Perhaps one of the biggest signs of the effort that Square Enix has put into Crisis Core: Final Fantasy VII Reunion is the fact that the game now features voice acting for all the dialogue in both English and Japanese. Whereas the original only had voice acting in certain scenes, Reunion goes all-out in this department.
The voice cast isn’t half bad either, with Cody Christian returning to the role of Cloud Strife that he killed in the Final Fantasy VII Remake, and it gives the entire game a big-budget feel despite its more modest scale.
Smoother, Faster, And More Satisfying Combat
One of the biggest things critics have noticed with the Crisis Core remaster is just how different combat feels compared to the original. This is thanks to a variety of factors, from small things like attack timings to far more prominent things like incredibly slick combat animations that make attacks feel more satisfying.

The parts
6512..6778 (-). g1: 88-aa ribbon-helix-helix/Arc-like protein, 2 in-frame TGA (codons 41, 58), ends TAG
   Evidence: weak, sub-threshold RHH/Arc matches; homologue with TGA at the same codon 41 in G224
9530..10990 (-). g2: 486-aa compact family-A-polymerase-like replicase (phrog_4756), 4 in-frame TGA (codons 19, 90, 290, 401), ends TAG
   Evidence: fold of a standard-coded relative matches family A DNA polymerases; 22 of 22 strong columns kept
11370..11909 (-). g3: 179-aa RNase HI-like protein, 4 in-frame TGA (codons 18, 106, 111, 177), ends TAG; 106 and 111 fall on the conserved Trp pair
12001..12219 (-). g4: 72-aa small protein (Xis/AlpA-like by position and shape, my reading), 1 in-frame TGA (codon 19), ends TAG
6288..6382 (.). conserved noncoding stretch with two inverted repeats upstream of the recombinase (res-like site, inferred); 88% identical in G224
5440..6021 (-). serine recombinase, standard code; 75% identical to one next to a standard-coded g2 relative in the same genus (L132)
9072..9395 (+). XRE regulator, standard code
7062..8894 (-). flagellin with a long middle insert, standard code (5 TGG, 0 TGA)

The result is that combat is now significantly faster-paced and smoother than the original. Given just how many massive JRPGs are coming out this year and next, Crisis Core: Final Fantasy VII Reunion needed solid combat to make it stand out, and it delivers on that.
More Detailed Character Models
Although technically just a small part of the massive graphical overhaul Crisis Core received with Reunion, the new, detailed character models are a huge change for the game and fans will likely already know why. Final Fantasy is nothing if not a narrative-focused franchise and Crisis Core is no exception.
With all new and far more expressive character models, the story of Crisis Core feels like an entirely new experience. Even though it’s likewise not quite at the level of the Final Fantasy VII Remake, each character has had new life breathed into them, and it makes playing through Zack’s story all the more fulfilling.